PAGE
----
Figure 2. mTORC1–S6K1 signaling in cardiovascular aging. Aging accelerating factors cause persistent activation of the Akt–mTORC1–S6K1 signaling. The hyperactive S6K1 has pleiotropic effects in cardiovascular system. In heart, it causes cardiomyocytes hypertrophy leading to cardiac maladaptation. In endothelium, it induces eNOS uncoupling, endothelial senescence, and adhesion molecule expression as well as TF protein expression. All of these effects contribute to age-associated cardiovascular diseases such as heart failure, atherosclerotic vascular disease. Thus inhibiting S6K1 with resveratrol or mTORC1 inhibitor rapamycin may have beneficial effect in treatment of age-associated cardiovascular diseases in clinic. It is important to recognize that there are some uncoupled biological function(s) of mTORC1 and S6K1 as reported for their opposing effect in regulation of TF expression. While mTOR suppresses endothelial TF mRNA expression, S6K1 is required for TF protein translation, which works in concert with other signaling pathways such as RhoA, p38mapk, and NF-κB. Given this finding, drugs more specifically inhibiting S6K1 rather than mTORC1 should be developed and the effects of targeting mTORC1 or S6K1 on aging-related cardiovascular diseases and cardiovascular aging and beyond should be investigated.
Resveratrol inhibits mTORC1–S6K1 and prevents endothelial aging
It is well demonstrated that resveratrol, a naturally occurring polyphenol, slows aging process and exerts protective effects on aging-associated pathologies including vascular diseases, type II diabetes in animal models (Baur et al., 2006; Lagouge et al., 2006; Barger et al., 2008; Pearson et al., 2008; Miller et al., 2011). Numerous studies including ours demonstrate that resveratrol inhibits ICAM-1 and VCAM-1 expression in endothelial cells in response to high glucose and TNFα (Csiszar et al., 2006; Park et al., 2009; Rajapakse et al., 2009). Interestingly, resveratrol is capable of recoupling eNOS, leading to inhibition of superoxide generation and increase in endothelial NO production in senescent endothelial cells and in aged rat aortas partly through inhibition of mTORC1–S6K1 signaling (Rajapakse et al., 2011), since NO production stimulated by acetylcholine is only partly restored by resveratrol and rapamycin in old rats. Additional defects in eNOS dysfunction as discussed must be present.
It also remains to be investigated whether resveratrol’s inhibitory effect on mTORC1–S6K1–eNOS-uncoupling is mediated through activation of the NAD+-dependent deacetylase Sirt1 (Lagouge et al., 2006; Zang et al., 2006; Baur, 2010), whose activation has been shown to exhibit protection against age-associated diseases including diabetes and atherosclerosis (Lagouge et al., 2006; Zang et al., 2006; Pearson et al., 2008), although current studies do not show life extending effect in mammals (Lagouge et al., 2006; Barger et al., 2008; Pearson et al., 2008; Miller et al., 2011). Recent studies provide evidence showing that resveratrol also exerts pleiotrophic effects independently of Sirt1 (Zhang, 2006; Pirola and Frojdo, 2008; Kitada et al., 2011). It has also been shown that resveratrol may indirectly activate Sirt1 through AMPK, which has been demonstrated to inhibit mTORC1–S6K1 pathway in different cell types (Ruderman et al., 2010). The underlying mechanisms by which resveratrol inhibits mTORC1–S6K1 in aging endothelial cells are not clear, yet. Since the hyperactive Akt, an upstream signaling of mTORC1–S6K1 pathway, is observed in senescent endothelial cells and is inhibited by resveratrol (Rajapakse et al., 2011), it seems that resveratrol negatively regulates mTORC1–S6K1 pathway through inhibition of mTORC2. The persistent activation of Akt–mTORC1–S6K1 signaling in endothelial aging observed in our study is consistent with the finding that a hyperactive Akt plays a role in endothelial cell senescence (Miyauchi et al., 2004). Further studies need to establish a role of mTORC2 in endothelial senescence and in regulation of longevity.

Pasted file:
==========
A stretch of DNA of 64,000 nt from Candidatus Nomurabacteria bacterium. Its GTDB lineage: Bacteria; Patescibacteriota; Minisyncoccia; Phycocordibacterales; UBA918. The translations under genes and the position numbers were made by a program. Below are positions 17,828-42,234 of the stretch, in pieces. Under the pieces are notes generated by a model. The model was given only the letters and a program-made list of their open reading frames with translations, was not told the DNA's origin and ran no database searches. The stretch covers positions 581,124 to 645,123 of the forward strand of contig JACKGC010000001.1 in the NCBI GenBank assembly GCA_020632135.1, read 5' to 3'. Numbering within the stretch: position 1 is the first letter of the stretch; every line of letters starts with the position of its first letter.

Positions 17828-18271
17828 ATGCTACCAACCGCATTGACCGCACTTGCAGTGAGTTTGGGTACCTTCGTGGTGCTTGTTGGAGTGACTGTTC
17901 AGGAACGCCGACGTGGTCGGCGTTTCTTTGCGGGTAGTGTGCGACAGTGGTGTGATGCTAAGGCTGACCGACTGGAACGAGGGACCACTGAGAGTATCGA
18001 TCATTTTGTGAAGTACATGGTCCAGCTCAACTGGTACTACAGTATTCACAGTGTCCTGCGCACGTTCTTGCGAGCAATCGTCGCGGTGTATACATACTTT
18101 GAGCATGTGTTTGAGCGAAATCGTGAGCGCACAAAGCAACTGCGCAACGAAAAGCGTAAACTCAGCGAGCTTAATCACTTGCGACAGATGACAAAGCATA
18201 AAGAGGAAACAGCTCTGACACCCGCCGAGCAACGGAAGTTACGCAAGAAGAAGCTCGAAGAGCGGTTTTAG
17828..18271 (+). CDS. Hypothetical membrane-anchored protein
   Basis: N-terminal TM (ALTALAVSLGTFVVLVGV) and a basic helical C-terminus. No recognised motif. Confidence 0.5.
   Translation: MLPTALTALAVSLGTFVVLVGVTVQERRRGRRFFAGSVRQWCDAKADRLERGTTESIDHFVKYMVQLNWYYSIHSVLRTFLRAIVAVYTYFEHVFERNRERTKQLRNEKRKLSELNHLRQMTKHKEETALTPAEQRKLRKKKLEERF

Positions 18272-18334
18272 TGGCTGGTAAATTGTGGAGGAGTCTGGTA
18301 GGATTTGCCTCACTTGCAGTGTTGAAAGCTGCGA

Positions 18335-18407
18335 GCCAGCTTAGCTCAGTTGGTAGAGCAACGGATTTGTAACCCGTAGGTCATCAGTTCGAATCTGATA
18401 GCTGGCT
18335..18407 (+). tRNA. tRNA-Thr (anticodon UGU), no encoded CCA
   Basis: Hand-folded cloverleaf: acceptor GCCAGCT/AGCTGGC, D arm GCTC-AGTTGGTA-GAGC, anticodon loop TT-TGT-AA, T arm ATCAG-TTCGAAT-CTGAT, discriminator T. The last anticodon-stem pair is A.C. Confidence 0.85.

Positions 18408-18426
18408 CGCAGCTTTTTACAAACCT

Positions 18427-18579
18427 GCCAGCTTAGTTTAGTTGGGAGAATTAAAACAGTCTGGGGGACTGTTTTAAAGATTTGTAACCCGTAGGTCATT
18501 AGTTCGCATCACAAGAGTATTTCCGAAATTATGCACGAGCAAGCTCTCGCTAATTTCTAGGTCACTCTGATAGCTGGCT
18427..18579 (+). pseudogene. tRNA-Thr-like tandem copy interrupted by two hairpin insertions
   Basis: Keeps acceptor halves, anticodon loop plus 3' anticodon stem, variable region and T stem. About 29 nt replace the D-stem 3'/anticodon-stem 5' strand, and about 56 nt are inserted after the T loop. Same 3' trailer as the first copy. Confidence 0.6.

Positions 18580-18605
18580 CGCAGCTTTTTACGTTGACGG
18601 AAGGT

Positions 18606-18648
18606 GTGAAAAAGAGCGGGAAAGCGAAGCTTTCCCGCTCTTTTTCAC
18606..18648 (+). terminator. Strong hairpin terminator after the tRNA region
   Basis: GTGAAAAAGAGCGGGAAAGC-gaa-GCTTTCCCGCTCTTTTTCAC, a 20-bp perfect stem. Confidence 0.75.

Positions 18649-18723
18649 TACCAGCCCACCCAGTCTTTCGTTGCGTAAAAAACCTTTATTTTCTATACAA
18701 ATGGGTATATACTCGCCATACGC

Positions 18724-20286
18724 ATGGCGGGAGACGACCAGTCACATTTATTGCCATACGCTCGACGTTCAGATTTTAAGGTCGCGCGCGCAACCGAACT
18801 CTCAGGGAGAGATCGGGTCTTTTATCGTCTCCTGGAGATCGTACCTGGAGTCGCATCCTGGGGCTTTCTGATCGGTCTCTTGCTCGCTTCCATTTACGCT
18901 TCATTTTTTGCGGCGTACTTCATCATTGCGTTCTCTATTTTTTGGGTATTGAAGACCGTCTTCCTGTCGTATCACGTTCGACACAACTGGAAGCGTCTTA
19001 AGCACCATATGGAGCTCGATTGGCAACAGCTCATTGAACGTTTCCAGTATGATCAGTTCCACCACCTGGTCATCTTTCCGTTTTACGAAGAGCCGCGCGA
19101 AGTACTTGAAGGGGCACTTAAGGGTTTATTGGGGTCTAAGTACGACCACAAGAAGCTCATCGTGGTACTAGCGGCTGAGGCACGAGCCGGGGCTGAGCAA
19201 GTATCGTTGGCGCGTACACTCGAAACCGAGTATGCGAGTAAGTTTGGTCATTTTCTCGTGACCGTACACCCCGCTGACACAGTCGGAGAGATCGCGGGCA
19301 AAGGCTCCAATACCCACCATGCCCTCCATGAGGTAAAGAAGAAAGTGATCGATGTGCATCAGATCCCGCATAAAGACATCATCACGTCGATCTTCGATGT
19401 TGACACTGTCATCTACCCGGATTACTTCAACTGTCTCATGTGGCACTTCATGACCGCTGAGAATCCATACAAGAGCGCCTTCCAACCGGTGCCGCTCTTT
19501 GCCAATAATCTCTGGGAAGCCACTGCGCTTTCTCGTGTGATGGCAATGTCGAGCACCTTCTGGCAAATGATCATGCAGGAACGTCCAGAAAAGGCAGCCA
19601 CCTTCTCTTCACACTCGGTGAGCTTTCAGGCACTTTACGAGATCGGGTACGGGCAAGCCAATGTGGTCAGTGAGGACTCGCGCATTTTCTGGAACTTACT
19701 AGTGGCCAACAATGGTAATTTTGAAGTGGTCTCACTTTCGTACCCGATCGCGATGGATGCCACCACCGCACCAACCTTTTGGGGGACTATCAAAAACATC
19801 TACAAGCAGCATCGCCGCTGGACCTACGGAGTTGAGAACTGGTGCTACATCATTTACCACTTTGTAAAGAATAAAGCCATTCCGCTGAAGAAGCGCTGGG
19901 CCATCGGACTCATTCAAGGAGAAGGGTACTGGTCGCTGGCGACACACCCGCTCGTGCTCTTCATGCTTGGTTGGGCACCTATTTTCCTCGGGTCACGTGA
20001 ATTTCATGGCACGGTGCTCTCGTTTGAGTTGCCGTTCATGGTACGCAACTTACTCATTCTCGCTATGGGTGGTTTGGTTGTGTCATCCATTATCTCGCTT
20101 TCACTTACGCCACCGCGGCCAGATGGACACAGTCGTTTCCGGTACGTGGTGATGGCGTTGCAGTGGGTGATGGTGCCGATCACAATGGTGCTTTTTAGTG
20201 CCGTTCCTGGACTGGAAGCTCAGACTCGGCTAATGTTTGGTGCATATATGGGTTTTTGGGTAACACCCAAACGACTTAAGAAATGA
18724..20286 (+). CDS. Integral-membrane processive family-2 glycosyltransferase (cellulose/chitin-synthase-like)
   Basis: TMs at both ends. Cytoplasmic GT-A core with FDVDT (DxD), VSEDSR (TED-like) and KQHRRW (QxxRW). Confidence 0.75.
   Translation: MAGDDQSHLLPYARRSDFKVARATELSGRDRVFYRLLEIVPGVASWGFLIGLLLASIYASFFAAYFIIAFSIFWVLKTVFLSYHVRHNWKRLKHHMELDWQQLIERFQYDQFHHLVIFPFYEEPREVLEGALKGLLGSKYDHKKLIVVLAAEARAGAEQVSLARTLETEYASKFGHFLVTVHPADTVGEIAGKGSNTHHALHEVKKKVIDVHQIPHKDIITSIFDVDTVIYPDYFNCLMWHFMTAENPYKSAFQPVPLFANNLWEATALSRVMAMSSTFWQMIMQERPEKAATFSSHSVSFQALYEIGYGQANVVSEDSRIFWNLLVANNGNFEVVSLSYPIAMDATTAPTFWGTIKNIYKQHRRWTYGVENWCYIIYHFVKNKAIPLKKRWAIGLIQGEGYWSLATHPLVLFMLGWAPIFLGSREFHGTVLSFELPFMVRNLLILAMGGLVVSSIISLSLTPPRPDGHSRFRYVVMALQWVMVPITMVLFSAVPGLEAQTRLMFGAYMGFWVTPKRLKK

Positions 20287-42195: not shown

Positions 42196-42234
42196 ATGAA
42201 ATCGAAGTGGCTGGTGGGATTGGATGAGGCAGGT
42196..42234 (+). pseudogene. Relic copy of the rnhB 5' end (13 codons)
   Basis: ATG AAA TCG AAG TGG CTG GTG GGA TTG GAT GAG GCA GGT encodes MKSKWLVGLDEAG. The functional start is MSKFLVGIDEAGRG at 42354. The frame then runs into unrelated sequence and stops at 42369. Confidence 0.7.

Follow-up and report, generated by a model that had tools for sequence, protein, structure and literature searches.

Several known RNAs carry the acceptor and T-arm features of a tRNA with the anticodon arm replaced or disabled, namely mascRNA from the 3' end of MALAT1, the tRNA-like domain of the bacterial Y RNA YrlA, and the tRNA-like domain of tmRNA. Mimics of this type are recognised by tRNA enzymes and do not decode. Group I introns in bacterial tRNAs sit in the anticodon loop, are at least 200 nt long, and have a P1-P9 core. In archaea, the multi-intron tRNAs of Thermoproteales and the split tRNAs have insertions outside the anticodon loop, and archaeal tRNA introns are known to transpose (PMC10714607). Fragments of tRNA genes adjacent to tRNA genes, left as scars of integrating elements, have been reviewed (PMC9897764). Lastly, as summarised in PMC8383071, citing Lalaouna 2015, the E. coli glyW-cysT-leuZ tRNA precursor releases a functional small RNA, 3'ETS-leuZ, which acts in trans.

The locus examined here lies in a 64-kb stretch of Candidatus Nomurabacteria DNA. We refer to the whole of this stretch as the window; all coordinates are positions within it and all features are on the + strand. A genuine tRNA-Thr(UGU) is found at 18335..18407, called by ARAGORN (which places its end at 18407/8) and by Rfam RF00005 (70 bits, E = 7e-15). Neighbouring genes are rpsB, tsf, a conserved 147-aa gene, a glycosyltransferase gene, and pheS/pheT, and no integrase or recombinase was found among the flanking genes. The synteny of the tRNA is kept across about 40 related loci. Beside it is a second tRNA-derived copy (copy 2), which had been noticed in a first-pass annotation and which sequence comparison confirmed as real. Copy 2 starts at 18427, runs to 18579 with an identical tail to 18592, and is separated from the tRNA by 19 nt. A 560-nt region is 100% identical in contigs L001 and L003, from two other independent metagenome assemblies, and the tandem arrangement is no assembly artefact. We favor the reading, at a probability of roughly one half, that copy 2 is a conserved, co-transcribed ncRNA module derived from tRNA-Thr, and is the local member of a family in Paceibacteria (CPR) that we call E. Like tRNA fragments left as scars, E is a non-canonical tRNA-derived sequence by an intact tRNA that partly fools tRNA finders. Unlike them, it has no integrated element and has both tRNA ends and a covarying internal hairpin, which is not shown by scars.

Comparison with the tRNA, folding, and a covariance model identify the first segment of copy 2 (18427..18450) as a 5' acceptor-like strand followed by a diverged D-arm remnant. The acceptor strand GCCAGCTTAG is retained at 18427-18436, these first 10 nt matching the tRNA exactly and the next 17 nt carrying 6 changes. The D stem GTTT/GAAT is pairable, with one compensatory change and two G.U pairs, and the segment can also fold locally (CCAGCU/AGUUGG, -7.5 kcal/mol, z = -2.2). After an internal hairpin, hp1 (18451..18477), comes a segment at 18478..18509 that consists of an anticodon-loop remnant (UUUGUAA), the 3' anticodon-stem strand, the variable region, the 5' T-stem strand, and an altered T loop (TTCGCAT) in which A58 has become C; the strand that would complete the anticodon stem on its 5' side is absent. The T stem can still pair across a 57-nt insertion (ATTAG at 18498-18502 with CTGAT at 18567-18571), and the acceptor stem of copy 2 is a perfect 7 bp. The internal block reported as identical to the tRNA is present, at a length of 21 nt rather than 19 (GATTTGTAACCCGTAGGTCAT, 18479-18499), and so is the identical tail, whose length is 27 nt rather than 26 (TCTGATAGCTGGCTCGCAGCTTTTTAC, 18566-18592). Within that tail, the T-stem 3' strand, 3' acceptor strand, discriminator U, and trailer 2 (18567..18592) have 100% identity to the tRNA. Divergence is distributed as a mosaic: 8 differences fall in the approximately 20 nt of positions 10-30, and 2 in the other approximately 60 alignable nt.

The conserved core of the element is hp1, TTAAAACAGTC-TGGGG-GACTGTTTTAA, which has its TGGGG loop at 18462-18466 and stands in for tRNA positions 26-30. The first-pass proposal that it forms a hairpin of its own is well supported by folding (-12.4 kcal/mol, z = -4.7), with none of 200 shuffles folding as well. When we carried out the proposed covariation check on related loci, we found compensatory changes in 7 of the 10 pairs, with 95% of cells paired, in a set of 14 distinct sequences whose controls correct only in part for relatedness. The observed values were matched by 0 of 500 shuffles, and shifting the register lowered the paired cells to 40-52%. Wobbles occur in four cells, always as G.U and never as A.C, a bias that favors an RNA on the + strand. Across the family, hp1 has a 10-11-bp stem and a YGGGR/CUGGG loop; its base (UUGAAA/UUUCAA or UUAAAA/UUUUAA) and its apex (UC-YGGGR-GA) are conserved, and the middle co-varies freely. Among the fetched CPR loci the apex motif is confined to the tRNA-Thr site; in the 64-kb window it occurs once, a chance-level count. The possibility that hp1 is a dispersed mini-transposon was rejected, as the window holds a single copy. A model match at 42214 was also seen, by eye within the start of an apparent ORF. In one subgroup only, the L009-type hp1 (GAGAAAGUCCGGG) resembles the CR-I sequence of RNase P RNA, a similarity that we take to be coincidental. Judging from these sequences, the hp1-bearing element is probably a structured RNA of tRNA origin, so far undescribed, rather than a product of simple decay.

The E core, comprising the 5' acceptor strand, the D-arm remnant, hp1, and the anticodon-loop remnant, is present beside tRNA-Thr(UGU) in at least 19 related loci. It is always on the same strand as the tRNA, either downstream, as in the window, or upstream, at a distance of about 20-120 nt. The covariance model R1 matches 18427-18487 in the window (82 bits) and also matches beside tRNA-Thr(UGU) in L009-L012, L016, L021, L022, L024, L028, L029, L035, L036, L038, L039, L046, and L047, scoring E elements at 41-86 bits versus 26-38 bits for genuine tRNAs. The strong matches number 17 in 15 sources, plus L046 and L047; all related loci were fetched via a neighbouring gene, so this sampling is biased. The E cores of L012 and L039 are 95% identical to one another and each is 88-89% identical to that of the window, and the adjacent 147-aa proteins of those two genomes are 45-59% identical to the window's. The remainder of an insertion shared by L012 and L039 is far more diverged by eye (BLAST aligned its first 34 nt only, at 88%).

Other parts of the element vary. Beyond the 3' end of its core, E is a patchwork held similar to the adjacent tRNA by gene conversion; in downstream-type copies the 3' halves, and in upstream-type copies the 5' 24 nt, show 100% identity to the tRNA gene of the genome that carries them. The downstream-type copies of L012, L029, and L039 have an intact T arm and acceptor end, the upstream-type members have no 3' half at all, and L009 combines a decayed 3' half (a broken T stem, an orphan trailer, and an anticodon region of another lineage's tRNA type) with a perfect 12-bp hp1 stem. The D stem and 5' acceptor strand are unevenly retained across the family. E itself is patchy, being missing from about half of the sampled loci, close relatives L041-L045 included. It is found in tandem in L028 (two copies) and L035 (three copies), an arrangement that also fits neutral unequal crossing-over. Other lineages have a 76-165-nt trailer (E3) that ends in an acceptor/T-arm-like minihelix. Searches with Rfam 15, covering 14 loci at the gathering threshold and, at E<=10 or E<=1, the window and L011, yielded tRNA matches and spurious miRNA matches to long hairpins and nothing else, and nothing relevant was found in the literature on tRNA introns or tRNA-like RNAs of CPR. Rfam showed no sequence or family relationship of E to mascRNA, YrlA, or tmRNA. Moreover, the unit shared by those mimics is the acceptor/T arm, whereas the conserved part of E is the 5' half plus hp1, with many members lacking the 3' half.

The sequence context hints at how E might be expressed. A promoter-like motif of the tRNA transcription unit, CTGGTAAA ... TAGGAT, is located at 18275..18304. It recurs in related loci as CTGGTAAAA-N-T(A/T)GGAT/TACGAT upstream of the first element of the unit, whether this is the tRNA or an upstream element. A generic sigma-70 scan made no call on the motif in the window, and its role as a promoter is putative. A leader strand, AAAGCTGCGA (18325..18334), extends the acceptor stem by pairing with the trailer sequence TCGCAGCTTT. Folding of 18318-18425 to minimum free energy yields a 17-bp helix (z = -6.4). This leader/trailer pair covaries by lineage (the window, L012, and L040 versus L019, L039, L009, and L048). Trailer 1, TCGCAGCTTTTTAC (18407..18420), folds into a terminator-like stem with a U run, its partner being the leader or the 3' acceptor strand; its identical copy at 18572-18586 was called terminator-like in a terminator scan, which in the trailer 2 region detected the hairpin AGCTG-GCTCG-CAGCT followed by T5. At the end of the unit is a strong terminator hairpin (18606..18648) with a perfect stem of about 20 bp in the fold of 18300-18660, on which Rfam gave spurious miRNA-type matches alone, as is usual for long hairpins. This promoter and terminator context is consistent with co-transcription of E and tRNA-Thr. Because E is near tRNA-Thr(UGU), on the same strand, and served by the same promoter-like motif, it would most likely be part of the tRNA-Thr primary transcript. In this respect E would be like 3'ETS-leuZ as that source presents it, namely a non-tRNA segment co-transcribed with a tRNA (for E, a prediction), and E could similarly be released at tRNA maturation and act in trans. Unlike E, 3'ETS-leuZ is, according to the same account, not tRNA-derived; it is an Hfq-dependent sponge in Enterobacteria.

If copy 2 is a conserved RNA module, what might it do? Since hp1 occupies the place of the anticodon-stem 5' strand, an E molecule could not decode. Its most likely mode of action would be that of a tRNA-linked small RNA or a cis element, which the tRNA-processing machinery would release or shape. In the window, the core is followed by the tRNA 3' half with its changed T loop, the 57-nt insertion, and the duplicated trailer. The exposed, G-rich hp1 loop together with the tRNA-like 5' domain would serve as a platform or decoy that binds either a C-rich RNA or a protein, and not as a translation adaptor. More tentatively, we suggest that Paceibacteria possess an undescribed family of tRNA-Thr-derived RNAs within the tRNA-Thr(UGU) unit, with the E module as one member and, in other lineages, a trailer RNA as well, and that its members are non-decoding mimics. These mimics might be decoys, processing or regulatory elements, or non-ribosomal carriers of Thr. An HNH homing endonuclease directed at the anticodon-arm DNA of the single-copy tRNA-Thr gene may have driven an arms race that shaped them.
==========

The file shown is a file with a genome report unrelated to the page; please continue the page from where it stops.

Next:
Rapamycin and Resveratrol as Anti-Aging and Anti-Cardiovascular Aging Drugs in Humans?
Although caloric restriction seems the most promising approach to slow aging and onset of age-related diseases in humans with almost no recognizable adverse effects (Fontana et al., 2010), it is difficult to implement as a routine and long-term preventive or treatment modality in humans. The primary target of anti-aging strategy should focus on treatment of age-related diseases and not longevity, i.e., improvement of “healthy” lifespan. By treatment of age-related diseases, healthy lifespan extension, and improvement of life quality in elderly are expected.